Why stories?

Why stories?

TPRS (Teaching Proficiency through Reading and Storytelling) is one method of world language instruction that falls under the umbrella of Comprehensible Input (CI), but why is story telling so powerful?  What do teachers and students worldwide find so engaging in this method?

Here is a quick video on the history of TPRS, and its founder Blaine Ray:  https://www.youtube.com/watch?v=jczglmpEvSE

Current research is finding that our brains are wired for storytelling.  We learn through stories; stories have been at the heart of civilization since we began communicating with one another.  When we use a second language to tell stories, the students become engaged in the story and forget about the language.  As long as we are being comprehensible, they will literally lose themselves in our story.  If we can incorporate the students into our story, they become even more engaged because after all who doesn’t like to hear a story about themselves!  We activate multiple areas of the brain through stories and engage their emotions all while allowing them to subconsciously absorb the language.  Here is an article for reference.

So how do you tell a story to/with students?  You can either have a story planned, using key vocabulary and grammar structures, and simply insert kids from your class or ask them to provide the background details of the characters.  What are their names, where are they from, how old are they, where do they live, are they nice?  You might even allow them to insert details into the story as you go.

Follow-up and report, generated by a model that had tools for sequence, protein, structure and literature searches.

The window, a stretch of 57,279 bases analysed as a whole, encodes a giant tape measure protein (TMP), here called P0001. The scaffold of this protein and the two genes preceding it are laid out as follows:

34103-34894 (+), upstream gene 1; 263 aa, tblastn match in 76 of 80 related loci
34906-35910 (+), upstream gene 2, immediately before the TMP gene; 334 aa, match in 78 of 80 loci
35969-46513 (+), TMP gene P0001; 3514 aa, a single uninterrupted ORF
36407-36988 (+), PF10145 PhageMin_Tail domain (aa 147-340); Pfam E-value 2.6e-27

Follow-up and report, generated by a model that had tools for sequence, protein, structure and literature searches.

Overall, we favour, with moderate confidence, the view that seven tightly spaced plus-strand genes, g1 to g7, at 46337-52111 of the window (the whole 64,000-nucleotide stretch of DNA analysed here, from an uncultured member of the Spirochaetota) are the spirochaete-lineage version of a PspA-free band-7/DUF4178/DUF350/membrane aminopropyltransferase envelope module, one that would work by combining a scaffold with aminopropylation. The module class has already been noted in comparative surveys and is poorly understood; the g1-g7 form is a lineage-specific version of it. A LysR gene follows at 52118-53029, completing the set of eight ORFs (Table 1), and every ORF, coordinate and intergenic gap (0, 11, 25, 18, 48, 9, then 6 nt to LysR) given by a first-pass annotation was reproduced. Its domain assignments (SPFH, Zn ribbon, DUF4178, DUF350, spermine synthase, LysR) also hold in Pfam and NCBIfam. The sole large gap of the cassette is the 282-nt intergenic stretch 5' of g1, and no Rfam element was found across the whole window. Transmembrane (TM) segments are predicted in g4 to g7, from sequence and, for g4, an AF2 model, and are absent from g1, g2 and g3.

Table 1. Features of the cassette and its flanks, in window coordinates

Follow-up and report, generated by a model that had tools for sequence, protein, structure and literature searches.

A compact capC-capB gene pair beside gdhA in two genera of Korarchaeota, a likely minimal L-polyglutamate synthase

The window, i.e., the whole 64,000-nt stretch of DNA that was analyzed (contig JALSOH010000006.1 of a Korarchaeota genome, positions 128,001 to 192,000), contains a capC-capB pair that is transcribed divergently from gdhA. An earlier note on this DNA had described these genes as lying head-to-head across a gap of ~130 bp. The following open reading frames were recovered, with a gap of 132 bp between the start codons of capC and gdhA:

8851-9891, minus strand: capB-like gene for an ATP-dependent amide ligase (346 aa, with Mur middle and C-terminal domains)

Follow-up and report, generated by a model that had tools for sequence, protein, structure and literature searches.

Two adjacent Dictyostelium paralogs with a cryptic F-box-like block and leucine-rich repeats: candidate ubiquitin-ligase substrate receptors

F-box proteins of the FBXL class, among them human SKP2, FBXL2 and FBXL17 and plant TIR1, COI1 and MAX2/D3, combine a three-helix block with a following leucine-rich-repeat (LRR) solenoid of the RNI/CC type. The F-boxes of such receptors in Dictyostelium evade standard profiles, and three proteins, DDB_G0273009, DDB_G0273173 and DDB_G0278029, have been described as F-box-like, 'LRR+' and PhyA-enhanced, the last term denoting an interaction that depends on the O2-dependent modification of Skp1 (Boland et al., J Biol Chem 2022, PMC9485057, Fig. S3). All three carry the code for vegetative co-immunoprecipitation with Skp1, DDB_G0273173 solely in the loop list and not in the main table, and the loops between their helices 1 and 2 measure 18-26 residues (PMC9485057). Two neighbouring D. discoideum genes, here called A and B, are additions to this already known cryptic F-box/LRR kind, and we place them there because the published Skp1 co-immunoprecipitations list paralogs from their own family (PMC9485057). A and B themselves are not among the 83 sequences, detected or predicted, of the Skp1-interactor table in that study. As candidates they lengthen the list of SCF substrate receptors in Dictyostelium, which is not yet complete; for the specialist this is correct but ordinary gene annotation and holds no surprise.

Or you can simply have set of structures or vocabulary that you want to target and begin with “There was a boy or a horse or a girl…..” and allow the students to create the story from there, while you ask strategic questions to incorporate the targets you have set.  This second model is sometimes referred to as “story asking.”  The key to language learning in this process is a skill called “circling.” (Short lesson on circling by Terry Waltz: https://www.youtube.com/watch?v=IXwD9jdcRlI )  You want to stop your story and circle around key information to ensure comprehension but also to recycle the key vocabulary and/or structures that you are highlighting in your story.  In the early levels, circling occurs after each new fact that is introduced into your story but as proficiency increases, circling will decrease in frequency.  The complexity of the plot can be as simple or as complex as you and your students wish it to be, the key is that it is interesting and engaging to the students.  This is a skill that requires some training and a lot of practice.  

Reading is also a component of TPRS and is vital to solidifying the language in the learners’ brains.  Again through stories that are engaging and compelling, we capture the students’ attention and allow their brains to open up to the language being poured into them.  They are seeing and hearing the language in an authentic and real form.  New additions to TPRS include strategies such as MovieTalk, embedded reading, Free Voluntary Reading (FVR), One Word Images, and many other innovative and engaging ideas.  

Check out YouTube for some amazing examples of TPRS use in classrooms around the world.




Stories capture our imagination, they tap into our emotions, and the trigger our senses.  A good story really is worth a thousand words.  

Post by Lynne Hendrick

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